fb50f4b76d9f25c828dcff232ce39439.ppt

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A Prediction-based Approach to Distributed Interactive Applications Peter A. Dinda Department of Computer Science Northwestern University http: //www. cs. nwu. edu/~pdinda

Context and Question Distributed Interactive Applications Me Shared, Unreserved Environments How an distributed interactive application running on shared, unreserved computing environment provide consistent responsiveness? 2

Why Is This Interesting? • Interactive resource demands exploding • Tools and toys increasingly are physical simulations • New kinds of resource-intensive applications • Responsiveness tied to peak demand • People provision according to peak demand • 90% of the time CPU or network link is unused • Opportunity to use the resources smarter • Build more powerful, more interesting apps • Shared resource pools, resource markets, The Grid… • Resource reservations unlikely • History argues against it, partial reservation, … 3

Approach • Soft real-time model • Responsiveness -> deadline • Advisory, no guarantees • Adaptation mechanisms • Exploit DOF available in environment • Prediction of resource supply and demand • Control the mechanisms to benefit the application • Avoid synchronization Rigorous statistical and systems approach to prediction 4

Outline • Distributed interactive applications • Image editing, scientific visualization, virtualized audio • • • Real-time scheduling advisors Running time advisor Resource signals RPS system Current work 5

Image Editing • Photoshop, but for art and commercial photography resolutions • 30 frame/sec pixelwise 6 x 6 cm on megapixel display ->4. 3 billion ops/sec and 120 MB/s of bandwidth 6

Quake. Viz: Distributed Interactive Visualization of Massive Remote Earthquake Datasets Sample 2 host visualization of Northridge Earthquake Goal Interactive manipulation of massive remote datasets from arbitrary clients 7

DV Framework For Distributed Interactive Visualization • Large datasets (e. g. , earthquake simulations) • Distributed VTK visualization pipelines • Active frames • • Encapsulate data, computation, path through pipeline Launched from server by user interaction Annotated with deadline Dynamically chose on which host each pipeline stage will execute and what quality settings to use http: //www. cs. cmu. edu/~dv 8

Example DV Pipeline for Quake. Viz Logical View ROI resolution interpolation Simulation Output local display and user contours isosurface extraction scene synthesis reading interpolation rendering morphology reconstruction Physical View deadline Active Frame n+2 ? Which one? scene synthesis isosurface extraction interpolation deadline Active Frame n+1 ? deadline Active Frame n How complex? ? 9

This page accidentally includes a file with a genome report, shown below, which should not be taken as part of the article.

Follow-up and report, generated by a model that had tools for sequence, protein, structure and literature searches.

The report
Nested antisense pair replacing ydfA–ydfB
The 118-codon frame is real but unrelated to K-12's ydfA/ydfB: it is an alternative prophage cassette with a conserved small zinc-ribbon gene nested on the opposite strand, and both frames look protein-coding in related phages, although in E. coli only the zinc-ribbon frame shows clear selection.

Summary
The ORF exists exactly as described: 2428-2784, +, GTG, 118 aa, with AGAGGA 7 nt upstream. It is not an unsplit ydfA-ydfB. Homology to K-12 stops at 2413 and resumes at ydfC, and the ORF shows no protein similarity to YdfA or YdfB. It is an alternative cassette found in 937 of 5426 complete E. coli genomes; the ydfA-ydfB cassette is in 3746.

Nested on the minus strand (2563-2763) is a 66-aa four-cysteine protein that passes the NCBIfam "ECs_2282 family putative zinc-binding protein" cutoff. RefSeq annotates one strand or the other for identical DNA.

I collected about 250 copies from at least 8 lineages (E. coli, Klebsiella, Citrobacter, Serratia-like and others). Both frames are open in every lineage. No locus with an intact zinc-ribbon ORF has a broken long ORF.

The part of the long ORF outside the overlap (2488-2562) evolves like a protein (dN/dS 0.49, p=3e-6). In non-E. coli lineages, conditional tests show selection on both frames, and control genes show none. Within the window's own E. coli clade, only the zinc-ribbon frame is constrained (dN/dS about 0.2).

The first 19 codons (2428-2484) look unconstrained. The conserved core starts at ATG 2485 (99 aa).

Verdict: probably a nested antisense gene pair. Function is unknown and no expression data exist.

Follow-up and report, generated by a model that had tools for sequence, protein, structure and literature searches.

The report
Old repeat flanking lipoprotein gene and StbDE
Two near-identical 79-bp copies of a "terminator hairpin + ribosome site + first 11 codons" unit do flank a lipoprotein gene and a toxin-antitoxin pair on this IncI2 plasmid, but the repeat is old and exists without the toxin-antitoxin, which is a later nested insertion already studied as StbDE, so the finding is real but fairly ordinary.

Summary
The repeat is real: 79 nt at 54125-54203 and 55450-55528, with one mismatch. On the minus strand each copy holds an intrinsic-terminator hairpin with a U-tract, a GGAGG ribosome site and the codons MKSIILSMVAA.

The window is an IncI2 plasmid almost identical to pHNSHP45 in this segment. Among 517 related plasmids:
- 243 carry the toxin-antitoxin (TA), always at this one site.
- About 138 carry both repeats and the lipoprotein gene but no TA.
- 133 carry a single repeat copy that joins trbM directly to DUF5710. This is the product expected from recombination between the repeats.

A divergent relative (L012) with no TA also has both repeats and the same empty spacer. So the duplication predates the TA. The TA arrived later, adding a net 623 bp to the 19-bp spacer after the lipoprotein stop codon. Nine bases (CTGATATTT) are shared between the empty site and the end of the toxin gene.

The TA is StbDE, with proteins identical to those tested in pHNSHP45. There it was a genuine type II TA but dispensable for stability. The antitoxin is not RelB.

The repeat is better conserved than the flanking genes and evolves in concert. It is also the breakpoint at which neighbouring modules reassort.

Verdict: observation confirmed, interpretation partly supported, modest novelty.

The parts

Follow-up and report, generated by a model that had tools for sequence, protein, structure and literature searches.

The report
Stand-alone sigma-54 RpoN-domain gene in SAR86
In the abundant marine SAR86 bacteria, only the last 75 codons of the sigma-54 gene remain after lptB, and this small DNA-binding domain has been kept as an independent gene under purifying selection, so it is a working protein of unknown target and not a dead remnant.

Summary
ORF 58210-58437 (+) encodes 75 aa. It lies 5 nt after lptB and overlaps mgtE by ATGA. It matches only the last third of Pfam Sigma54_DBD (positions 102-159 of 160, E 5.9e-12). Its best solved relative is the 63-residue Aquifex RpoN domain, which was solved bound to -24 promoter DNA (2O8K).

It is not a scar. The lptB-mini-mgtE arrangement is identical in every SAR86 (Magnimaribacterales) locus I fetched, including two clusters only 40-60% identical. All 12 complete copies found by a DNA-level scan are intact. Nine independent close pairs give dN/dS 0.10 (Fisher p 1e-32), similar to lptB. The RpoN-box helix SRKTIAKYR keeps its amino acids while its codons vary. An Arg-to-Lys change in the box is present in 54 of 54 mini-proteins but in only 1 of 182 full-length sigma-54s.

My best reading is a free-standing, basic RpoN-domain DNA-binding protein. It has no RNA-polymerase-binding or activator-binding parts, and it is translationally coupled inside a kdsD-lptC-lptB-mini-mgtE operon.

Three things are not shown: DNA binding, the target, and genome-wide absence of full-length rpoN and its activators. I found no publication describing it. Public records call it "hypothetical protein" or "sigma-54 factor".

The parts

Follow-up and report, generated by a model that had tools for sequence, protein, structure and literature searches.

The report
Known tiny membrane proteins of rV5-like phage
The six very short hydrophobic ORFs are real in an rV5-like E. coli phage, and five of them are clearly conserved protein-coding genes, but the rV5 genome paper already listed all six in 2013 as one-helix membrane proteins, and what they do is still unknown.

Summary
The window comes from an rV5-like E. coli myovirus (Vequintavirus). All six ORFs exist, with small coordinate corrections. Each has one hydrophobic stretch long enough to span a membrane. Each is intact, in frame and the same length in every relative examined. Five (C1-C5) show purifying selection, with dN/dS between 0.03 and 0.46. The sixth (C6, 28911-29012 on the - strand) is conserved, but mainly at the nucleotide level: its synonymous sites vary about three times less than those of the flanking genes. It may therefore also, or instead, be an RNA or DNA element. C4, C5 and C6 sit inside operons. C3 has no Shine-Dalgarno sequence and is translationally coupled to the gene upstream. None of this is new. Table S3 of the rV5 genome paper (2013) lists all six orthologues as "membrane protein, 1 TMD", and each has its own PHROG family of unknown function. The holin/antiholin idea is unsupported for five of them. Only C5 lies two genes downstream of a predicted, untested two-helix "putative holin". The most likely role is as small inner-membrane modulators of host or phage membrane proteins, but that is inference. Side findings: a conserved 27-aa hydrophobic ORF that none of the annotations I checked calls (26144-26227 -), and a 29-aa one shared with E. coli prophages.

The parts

Virtualized Audio (VA) System 10

The Forward Problem Auralization sound source positions sound source signals room geometry/properties Auralization Algorithms Listener signals Listener positions Listener wearing Headphones (or HSS scheme) • In general, all inputs are a function of time • Auralization filtering must proceed in real-time • Changes require that the filters be recomputed quickly 11

Exploiting a Remote Supercomputer or the Grid How complex? Which one? 12

A Universal Problem Which host should the application send the task to so that its running time is appropriate? Task Known resource requirements What will the running time be if I. . . ? 13

Real-time Scheduling Advisor • Real-time for distributed interactive applications • Assumptions • • • Sequential tasks initiated by user actions Aperiodic arrivals Resilient deadlines (soft real-time) Compute-bound tasks Known computational requirements • Best-effort semantics • Recommend host where deadline is likely to be met • Predict running time on that host • No guarantees 14

Predicted Running Time Advisor Application notifies advisor of task’s computational requirements (nominal time) Advisor predicts running time on each host ? Application assigns task to most appropriate host Task nominal time 15

Predicted Running Time Real-time Scheduling Advisor deadline ? Task nominal time deadline Application notifies advisor of task’s computational requirements (nominal time) and its deadline Advisor acquires predicted task running times for all hosts Advisor recommends one of the hosts where the deadline can be met 16

error Prediction t Low Prediction Error Variability t t ACF resource High Resource Availability Variability resource Variability and Prediction Characterization of variability Exchange high resource availability variability for low prediction error variability and a characterization of that variability 17 t